WARNER ROBINS -- Three generations of the Brown family, beginning with renowned Georgia artist Butler Brown, are offering original artwork as part of a fundraiser to benefit strays and abandoned animals.
Brown, his adult son, artist Anthony A. Brown, 50, and grandson 15-year-old artist Cameron Brown are each donating original artwork for a Warner Robins Animal Control raffle Dec. 2 from 5 to 8 p.m. at Butler Brown Gallery and Custom Framing at 1849 Watson Blvd. in Warner Robins.
Proceeds will go toward the spaying or neutering of animals rescue groups pull from Warner Robins Animal Control for adoption, said Tabitha Pugh, public information officer for Warner Robins police.
Raffle tickets are on sale now through Dec. 1 for $10 each.
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Brown, 73, a Hawkinsville native, gained fame when former President Jimmy Carter carried two of Brown’s paintings, Christmas gifts from his wife, Rosalynn, with him to the White House during his administration. Brown manages the Butler Brown gallery.
Anthony “Tony” Brown, and his wife, Penne, own the gallery. Tony Brown is a graduate of Savannah College of Art and Design. His son, Cameron Brown, plans to pursue art as a career.
Last week, Butler Brown was finishing up an oil painting he is donating for the raffle. He described it as the type of landscape he is noted for, featuring an old farmhouse with a road and trees with autumn colors of yellows, reds and oranges in the leaves. There’s also a dead tree near the farmhouse and a bird, which Brown said he often uses as a trademark in his work, perched on a fence post.
Brown said he’s considering naming the painting “Early Autumn.”
His grandson has finished his contribution: a pencil sketch of a Great Dane. Meanwhile, his son had not started working on his donation. Butler said that’s not surprising, considering his son seems to work best under deadline pressures that Butler said forges solid artwork.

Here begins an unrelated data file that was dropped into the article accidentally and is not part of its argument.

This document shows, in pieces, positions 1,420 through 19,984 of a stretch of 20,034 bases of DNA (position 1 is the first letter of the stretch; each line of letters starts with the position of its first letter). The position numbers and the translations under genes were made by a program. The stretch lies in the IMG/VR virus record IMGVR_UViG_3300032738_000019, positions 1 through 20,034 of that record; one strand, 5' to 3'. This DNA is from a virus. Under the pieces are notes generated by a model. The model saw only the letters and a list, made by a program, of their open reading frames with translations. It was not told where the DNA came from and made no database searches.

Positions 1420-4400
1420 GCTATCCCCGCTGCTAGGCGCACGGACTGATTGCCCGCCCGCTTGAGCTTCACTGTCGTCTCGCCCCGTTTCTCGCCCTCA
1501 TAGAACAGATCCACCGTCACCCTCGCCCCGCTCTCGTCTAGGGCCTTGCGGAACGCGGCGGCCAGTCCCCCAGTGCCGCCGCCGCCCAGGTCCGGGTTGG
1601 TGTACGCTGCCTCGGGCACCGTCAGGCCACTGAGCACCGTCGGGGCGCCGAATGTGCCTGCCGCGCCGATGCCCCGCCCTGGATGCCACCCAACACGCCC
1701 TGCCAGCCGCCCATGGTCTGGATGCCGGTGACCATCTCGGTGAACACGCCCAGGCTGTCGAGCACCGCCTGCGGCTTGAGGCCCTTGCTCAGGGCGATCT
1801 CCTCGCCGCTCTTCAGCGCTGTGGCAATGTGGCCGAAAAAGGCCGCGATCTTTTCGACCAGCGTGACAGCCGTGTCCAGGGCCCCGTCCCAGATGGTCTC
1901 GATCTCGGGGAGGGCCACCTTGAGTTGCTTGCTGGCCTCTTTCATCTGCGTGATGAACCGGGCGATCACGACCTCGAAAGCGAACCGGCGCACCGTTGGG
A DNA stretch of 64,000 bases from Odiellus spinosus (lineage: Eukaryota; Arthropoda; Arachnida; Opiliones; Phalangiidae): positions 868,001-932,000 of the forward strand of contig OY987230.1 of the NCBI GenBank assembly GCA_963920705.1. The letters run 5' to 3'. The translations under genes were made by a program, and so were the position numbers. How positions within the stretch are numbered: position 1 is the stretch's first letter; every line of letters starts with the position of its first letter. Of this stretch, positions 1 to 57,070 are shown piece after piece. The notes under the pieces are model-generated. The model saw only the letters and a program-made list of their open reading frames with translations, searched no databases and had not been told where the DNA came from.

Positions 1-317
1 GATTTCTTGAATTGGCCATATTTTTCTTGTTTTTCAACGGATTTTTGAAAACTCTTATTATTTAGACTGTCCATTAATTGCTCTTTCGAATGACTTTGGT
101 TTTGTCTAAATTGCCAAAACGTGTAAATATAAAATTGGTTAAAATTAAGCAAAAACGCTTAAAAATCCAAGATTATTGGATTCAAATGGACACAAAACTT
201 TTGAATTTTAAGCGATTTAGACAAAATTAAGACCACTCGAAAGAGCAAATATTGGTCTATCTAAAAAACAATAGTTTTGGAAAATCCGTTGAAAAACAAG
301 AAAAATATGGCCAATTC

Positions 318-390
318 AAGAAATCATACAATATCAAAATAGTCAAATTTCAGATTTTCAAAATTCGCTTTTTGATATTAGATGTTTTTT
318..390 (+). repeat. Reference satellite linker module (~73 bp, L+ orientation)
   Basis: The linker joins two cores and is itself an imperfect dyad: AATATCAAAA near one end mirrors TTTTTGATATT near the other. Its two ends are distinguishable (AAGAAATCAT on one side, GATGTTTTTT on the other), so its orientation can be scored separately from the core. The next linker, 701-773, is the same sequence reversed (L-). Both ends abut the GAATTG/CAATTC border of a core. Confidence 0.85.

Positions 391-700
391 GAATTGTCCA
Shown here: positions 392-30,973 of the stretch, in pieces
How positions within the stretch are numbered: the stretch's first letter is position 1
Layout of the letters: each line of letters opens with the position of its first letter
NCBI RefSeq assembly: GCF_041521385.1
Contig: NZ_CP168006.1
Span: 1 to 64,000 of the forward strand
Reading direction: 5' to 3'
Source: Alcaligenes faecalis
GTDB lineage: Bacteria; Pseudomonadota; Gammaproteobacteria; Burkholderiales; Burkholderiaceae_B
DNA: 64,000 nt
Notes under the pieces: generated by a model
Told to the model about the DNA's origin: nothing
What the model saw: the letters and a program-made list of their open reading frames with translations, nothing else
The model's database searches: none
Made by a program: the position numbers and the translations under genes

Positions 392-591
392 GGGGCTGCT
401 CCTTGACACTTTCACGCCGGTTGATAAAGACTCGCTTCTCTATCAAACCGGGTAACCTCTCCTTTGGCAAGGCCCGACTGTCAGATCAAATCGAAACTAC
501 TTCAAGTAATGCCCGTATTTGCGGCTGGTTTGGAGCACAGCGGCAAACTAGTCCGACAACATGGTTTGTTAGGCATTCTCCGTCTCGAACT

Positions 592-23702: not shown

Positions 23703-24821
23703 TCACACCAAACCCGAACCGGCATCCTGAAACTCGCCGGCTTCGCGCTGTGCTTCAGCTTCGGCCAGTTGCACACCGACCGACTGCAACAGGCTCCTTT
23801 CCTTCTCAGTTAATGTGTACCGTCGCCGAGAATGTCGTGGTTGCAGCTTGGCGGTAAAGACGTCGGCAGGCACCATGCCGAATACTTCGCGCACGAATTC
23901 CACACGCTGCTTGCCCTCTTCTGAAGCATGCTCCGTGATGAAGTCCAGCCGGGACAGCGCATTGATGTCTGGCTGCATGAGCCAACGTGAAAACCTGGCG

Last year, Butler also donated an original painting for a silent auction for a similar fundraiser.
The oil-on-canvas painting, titled “Golden Afternoon,” featured another of Brown’s trademarks of bright and bold blues and greens of his landscapes, as well as his grandfather’s house that once stood in Dooly County. Brown said he often uses the house as a model, and it appears in much of his work.
James Q. Whitaker, took home the painting after submitting the highest bid of $3,000. Switching to a raffle this year will allow more folks to participate in the fundraiser because it only costs $10 to enter, Pugh said.
Also, with tickets limited to a maximum of 500, the odds are better for winning one of the three artworks, Brown said.
Both fundraisers grew out a friendship between Butler and Warner Robins police Capt. Brenda Parks-Mathern, who formerly was over animal control, Brown said. The friendship budded from Brown showcasing photographs taken by Parks-Mathern in the Butler Brown Gallery.
He also has a soft spot for animals. Brown has a 10-year-old Chihuahua named L.B., which is short for Little Boy.
“I’ve always loved animals,” Brown said. “We’ve always had dogs and cats over the years, and they become like family.”
To contact writer Becky Purser, call 256-9559.